During the course of any active week, most of us are lucky to sit down and have a chance to catch our breaths—much less watch a movie. Our lives can be hectic, between work, school, personal activities, and social events, we certainly don’t have time to kick back on the sofa and absorb an intriguing, life-affirming, head-scratching film. And if you have kids, forget about having a moment to yourself, much less a non-child friendly screen.
That’s why the occasional holiday or three-day weekend, like Labor Day, isn’t just a chance to breathe a sigh of relief, but also an opportunity to catch up on some of the heartier cinematic fare that languishes on your to-watch list. Sure, you could run around the great outdoors with the rest of the world, but the traffic, the crowds, and the hassle. Instead, why not set aside some time for side filmic brain food, pop some corn, and check off a smart movie or two from your rental, Amazon Prime, or Netflix list.
And just in case you haven’t even had time to add anything to your list, here are a few options:
In Bruges (2008)
Action movies aren’t always known for their brains, but once in a blue moon a film like In Bruges comes along. If you like your action films with a hearty dose of dark comedy and philosophy, this film might be right up your alley. Even if you don’t watch it for writer and playwright Martin McDonagh’s biting verbal repast or intriguing social commentary on the nature of violence and the morality of criminals, there’s still plenty of over-the-top action and borderline satirical violence.
The film stars Colin Farrell and Brendan Gleason as two rakish hitmen. After a hit on a priest goes awry, with Farrell accidentally killings an innocent bystander, the two chatty assassins are forced to flee to Belgium in order to escape their psychotic boss. The dialogue between Farrell and Gleason positively crackles, and fans of consummate actor Ralph Fiennes will appreciate his role hyper-animated portrayal of a gangland bigwig as well.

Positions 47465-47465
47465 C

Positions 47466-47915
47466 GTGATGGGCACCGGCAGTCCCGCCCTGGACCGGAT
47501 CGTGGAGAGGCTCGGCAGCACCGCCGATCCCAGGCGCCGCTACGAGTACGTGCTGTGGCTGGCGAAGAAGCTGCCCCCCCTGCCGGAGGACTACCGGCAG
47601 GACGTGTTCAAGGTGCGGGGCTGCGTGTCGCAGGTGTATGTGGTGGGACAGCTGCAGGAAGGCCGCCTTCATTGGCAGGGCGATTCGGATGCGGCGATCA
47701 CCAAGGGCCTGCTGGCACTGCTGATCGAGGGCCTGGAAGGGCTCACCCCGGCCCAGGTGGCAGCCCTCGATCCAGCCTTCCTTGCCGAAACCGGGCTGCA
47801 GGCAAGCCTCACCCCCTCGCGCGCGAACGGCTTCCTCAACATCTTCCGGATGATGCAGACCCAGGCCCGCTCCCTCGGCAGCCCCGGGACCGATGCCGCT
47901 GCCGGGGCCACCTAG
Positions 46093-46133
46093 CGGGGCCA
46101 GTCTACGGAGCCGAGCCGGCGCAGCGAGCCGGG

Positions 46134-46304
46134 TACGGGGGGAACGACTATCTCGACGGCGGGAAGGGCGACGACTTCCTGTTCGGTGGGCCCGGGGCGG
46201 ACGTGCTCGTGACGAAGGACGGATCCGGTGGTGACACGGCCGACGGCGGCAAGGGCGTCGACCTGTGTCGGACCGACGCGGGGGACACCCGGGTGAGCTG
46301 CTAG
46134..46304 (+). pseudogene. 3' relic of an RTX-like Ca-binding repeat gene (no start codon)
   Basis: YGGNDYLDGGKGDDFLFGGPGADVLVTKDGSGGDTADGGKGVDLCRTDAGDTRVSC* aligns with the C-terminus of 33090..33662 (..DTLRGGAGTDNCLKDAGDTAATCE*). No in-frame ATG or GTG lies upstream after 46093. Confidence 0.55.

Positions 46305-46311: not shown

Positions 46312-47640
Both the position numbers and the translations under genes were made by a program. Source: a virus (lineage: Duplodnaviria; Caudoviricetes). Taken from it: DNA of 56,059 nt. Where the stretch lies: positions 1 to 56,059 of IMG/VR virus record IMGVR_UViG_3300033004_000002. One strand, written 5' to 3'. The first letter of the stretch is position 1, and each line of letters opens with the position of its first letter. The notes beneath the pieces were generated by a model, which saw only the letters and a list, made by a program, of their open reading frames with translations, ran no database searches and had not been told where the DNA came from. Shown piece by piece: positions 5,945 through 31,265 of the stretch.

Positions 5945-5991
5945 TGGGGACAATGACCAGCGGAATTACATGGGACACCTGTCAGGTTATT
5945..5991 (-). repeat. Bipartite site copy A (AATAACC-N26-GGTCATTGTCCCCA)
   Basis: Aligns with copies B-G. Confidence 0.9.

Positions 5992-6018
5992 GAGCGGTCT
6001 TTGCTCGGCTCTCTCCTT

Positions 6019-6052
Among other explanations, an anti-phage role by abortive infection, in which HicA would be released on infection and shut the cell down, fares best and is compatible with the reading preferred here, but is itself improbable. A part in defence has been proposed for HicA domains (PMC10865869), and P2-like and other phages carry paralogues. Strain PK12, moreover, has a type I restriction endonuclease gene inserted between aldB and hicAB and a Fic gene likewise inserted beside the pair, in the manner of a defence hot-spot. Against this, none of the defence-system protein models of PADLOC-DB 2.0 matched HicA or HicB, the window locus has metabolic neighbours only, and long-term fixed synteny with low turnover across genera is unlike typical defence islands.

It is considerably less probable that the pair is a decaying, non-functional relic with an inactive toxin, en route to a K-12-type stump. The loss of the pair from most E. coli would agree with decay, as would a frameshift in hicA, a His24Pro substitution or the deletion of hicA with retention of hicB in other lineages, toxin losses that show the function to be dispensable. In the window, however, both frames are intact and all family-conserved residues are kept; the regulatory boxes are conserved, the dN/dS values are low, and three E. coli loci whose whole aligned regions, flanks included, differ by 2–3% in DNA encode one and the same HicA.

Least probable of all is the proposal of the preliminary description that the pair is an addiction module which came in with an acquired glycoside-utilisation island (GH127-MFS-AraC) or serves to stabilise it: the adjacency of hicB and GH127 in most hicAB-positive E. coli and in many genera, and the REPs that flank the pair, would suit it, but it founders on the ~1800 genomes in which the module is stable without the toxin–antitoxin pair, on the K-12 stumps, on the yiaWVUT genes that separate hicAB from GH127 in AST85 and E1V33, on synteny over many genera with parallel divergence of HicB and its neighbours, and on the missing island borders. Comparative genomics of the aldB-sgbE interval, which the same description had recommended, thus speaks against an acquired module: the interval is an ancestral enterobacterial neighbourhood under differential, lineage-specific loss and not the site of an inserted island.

Mulholland Drive (2001)
If you’re a fan of David Lynch, then you’ve probably already seen this film and are familiar with the winding road of his story structure and his dreamlike logic. For those of you who haven’t seen any of his work and want to give him a try, this probably isn’t the best place to start, despite its critical acclaim. However, when you dispense with any expectations for a linear narrative, you might just find yourself enthralled with this picture.
Similar to his other offerings, Mulholland Drive follows in Lynch’s film noir-influenced style. In the film, Naomi Watts stars as would-be ingénue, Betty Elms, who comes to Hollywood with stars in her eyes. Her arrival at an apartment in the Hollywood Hills coincides with a young woman who wanders into the house after surviving a car crash. Her arrival sets in motion a sequence of gauzy events that weave in and out of the seedier side of Los Angeles, poking and prodding at the tarnished edges of the celebrity lifestyle, as well as love and loss and vengeance.